Iranian-American scholar Asef Bayat, author of ‘Revolutionary Life: The Everyday of the Arab Spring’, on the evolution of revolutions and their impact on everyday lives
By Tugrul Mende
Since the Iranian Revolution of 1979, Asef Bayat, who is a professor of sociology and the Catherine and Bruce Bastian Professor of Global and Transnational Studies at the University of Illinois Urbana-Champaign, has been studying revolutions and how they affect people. His work has focused on countries in the Middle East and North Africa, where the revolutionary process has evolved over decades.
What started with his influential book ‘Life as Politics’, which was published in late 2009, continues today with ‘Revolutionary Life: The Everyday of the Arab Spring’. In this book, Bayat takes a new approach to studying revolutions, looking at them not from above – but in how they affect the everyday lives of general population. In this interview, we discussed his new book and how his understanding of revolutions has changed over the past two decades.
Tugrul Mende: It’s been over a decade since you published ‘Life as Politics’, and now you publish ‘Revolutionary Life’, in what way did your own thinking about your research and the definition of revolution change over this period? Is ‘Revolutionary Life’ the final part of this quest?
Asef Bayat: I think that the Arab revolutions of the past decade are invaluable experiences to better understand the meaning of revolution broadly. Even though in a fundamental sense I have continued to regard revolution in terms of profound change, the past ten years have offered much insight to nuance my understanding of the concept.
To begin with, no matter what is expected of a revolutionary outcome, the very occurrence of revolution as movement (or uprising) and the emergence of rupture in the routine of life, can instigate important changes in popular subjectivities, in social norms, and political imaginaries. This is very crucial to consider, especially when we think about the outcome or the end or the continuity of a revolution.
We need to pay much more attention to understanding the counter-revolution, as not something external to revolution, but as part and parcel of it
The other thing that I learned has to do with the relationship between everyday politics and revolution. As you know, the book ‘Life as Politics’ focuses primarily on everyday or popular politics, which initially I thought was an alternative to, or the opposite of, revolution. But I have come to the conclusion that there are undeniable relationships between these two seeming binaries, between everyday life and revolution.
TM: You write that “we need to know what revolution means at the base of society, how it plays out in the social realm, in everyday life, and among the grassroots”. How did revolution manifest itself for those groups you talk to and how much does theory reflect everyday life in reality?
Asef Bayat: Let me be clear that a narrative of revolution at the top – about political power, the state, or regime change – remains indispensable for any reasonable understanding of revolution. But it is not sufficient. We need to know what it means at the base of the society.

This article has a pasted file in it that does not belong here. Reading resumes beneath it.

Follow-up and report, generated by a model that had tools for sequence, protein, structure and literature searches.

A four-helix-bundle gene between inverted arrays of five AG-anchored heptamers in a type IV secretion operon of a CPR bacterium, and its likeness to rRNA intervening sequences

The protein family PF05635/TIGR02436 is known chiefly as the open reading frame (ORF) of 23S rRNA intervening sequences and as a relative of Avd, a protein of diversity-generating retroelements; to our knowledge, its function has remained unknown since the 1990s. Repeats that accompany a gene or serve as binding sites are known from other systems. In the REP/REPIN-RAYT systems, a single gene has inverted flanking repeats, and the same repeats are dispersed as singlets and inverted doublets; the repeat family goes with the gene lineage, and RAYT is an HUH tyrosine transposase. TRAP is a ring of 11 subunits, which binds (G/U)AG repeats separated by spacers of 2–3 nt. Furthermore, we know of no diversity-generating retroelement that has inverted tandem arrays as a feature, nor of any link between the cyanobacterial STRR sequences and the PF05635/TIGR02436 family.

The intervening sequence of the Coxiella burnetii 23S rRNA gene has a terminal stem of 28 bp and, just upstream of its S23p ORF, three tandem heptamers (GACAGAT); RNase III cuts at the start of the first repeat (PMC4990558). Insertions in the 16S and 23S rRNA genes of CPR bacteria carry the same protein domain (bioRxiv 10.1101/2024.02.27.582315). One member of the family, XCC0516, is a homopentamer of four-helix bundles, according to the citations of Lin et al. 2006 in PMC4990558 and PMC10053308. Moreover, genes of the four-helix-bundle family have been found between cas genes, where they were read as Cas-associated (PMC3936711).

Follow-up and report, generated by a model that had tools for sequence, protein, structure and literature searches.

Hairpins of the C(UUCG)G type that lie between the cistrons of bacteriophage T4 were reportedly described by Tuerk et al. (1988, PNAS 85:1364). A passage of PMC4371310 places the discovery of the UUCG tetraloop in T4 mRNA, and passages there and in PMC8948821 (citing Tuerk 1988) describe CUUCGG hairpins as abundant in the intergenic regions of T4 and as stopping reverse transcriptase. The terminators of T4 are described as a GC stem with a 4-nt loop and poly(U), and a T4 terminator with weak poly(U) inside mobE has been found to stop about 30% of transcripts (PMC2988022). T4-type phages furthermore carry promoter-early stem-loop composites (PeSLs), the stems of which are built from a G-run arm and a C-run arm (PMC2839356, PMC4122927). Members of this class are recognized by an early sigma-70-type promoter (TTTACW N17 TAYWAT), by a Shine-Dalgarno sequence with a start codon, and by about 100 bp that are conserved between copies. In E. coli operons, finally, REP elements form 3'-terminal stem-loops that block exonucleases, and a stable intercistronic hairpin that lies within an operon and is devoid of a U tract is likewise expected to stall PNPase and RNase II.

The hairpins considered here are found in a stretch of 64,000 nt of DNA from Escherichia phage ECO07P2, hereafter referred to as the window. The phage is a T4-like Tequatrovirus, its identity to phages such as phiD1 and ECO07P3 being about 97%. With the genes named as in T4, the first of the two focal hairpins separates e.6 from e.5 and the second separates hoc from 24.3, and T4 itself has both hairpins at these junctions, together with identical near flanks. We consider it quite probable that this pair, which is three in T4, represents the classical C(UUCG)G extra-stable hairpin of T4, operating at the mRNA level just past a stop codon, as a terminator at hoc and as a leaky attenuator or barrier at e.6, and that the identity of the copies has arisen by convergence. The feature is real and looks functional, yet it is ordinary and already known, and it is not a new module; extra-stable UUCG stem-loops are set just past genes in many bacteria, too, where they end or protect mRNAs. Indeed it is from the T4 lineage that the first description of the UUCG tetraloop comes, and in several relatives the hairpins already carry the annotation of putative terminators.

In the cases that I have examined, revolutions came to permeate, so to speak, into everyday life. They were articulated in distinct sentiments and practices among the grassroots, and significantly impacted the social realm. Local people in farms, factories and neighborhoods took the initiative to acquire farming lands, establish independent unions, and fight for better conditions.
In Tunisia, the scale of industrial protests in the last years to improve work relations was unprecedented. Villagers fought to keep and revive local resources, to secure debt relief, and better infrastructure, homes, and services. Demand for adequate irrigation water provoked extraordinary struggles. In cities, poor people waged unparalleled campaigns to secure new shelters, state housing, and retain thousands of squatter apartments.
Neighborhoods assumed a new function of managing and upgrading themselves with the help of local youths and activists. Households saw new practices in gender relations. Women became more vocal; scores of them took off hijab, expressed doubt about religious leaders and disavowed political Islam. Many unmarried women left their family households to live independently, and an extraordinary number got involved in social activism. Such practices varied and are too many to mention, but they are detailed in the book, ‘Revolutionary Life’. These subaltern practices faced stiff resistance from the political, economic and moral adversaries; yet significant gains were made.
TM: Recently, a collection of essays by imprisoned Egyptian activist Alaa Abd El-Fattah, who has been described as a ‘philosopher of everyday life’, was published in ‘You Have Not Yet Been Defeated’. You write that “The downfall of the dictators in the Arab Uprisings generated great hope, happiness, and yet much anxiety and uncertainty among activists and the ordinary“. Do you think that the revolutions in Egypt ‘are defeated’ and how much does this influence your own thinking and those you talk to?
Asef Bayat: I am eager to read Alaa’s book soon. In ‘Revolutionary Life’, I have engaged with Alaa’s wonderful poem, which was published on the eve of the uprising (“Get rid of the experts and listen to the poets—for we are in a revolution….”). His hope and his vision are inspiring, especially in the conditions where many in the region and exile are experiencing despair.